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Horses ‘read and remember’ human facial expressions
This is the first time it has been shown that horses can remember emotional experiences with specific individuals.
Seeing angry faces in photos impacts horse behaviour - study   

Horses have the ability to read and remember human facial expressions, new research has shown for the first time.

Domestic horses were shown a photograph of a happy or angry human face, before seeing the actual person several hours later, now in a neutral emotional state.

According to findings published in Current Biology, the direction of the horses’ gaze revealed that they perceived the person more negatively if they had seen them looking angry in a photograph.

Importantly, the humans did not know which photographs the horses had seen, to prevent them behaving differently when they met the horses. The differences in the horses’ reactions only applied to the people they saw in the photographs.

Although previous research has found horses can recognise human facial expressions, this is the first time it has been shown that they can remember emotional experiences with specific individuals.

Study co-author Dr Leanne Proops, from the University of Portsmouth, said: "We know that horses are socially intelligent animals, but this is the first time any mammal has been shown to have this particular ability.

“What's very striking is that this happened after just briefly viewing a photograph of the person with a particular emotional expression – they did not have a strongly positive or negative experience with the person." 

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Nominations for 2019 RSPCA Honours Awards now open

News Story 1
 People across the UK are being urged to nominate a standout animal champion for the 2019 RSPCA Honours Awards.

The awards recognise those who have worked tirelessly to improve animal welfare, campaigned on behalf of animals, or shown true bravery. Previous winners include comedian John Bishop, who was awarded Celebrity Animal Champion of the Year, and 11-year-old Lobby Cantwell, who raised more than £1,000 for the charity through mountain climbs and bike rides.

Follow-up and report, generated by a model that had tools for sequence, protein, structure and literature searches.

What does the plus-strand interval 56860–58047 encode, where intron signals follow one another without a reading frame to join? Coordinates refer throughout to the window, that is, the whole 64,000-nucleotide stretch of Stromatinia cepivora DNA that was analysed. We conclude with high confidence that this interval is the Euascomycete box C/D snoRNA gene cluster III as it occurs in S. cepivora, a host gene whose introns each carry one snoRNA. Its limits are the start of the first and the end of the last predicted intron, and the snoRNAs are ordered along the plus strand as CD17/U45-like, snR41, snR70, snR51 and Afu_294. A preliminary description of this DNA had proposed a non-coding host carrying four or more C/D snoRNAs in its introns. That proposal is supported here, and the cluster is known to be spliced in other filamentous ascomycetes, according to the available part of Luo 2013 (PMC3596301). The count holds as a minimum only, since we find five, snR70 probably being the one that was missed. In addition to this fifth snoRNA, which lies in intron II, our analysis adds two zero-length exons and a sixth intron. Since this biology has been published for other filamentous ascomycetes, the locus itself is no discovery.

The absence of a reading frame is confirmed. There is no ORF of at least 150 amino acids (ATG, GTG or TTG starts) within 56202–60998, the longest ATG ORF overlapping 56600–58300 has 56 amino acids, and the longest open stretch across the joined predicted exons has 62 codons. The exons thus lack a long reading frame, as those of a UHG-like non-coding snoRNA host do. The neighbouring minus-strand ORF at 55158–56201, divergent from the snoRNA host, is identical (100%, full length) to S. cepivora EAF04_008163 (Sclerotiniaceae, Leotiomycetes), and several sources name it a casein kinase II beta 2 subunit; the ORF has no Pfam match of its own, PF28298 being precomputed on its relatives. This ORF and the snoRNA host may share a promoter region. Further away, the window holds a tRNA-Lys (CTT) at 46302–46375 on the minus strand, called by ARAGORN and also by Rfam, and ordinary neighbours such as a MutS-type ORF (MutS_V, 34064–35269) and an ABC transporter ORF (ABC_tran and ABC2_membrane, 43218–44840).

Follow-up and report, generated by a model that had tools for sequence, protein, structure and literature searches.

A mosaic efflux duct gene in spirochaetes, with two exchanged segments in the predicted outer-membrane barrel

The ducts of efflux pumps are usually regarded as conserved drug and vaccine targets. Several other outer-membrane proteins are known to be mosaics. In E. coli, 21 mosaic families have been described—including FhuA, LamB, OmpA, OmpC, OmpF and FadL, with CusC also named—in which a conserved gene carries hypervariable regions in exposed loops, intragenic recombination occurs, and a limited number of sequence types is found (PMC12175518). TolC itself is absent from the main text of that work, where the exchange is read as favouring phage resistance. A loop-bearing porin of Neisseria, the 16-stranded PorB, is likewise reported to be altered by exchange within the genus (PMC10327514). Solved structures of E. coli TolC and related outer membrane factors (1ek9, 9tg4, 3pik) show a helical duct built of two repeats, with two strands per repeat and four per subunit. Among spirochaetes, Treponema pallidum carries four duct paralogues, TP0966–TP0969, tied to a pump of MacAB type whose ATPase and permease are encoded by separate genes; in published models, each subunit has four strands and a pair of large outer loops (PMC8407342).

To submit a nomination or find out more about the awards visit the RSPCA website. Nominations will remain open until 4 pm on Friday, March 15.  

Click here for more...
News Shorts
New £1m project to investigate dairy cow lameness

Scotland’s Rural College (SRUC) is leading a new £1 million research project to investigate the causes of lameness in dairy cows.

One in three dairy cows are affected by lameness every day in the UK, costing the industry an estimated £250 milion annually.

The project will take three years to complete and is due to finish by November 2021.

Professor Georgios Banos of SRUC commented: “In addition to pain and discomfort to the animal, lameness is associated with decreased milk production and inflated farm costs.

“Among cows raised in the same environment, some become lame while others do not. Understanding the reasons behind this will help us develop targeted preventive practices contributing to enhanced animal welfare and farm profitability.”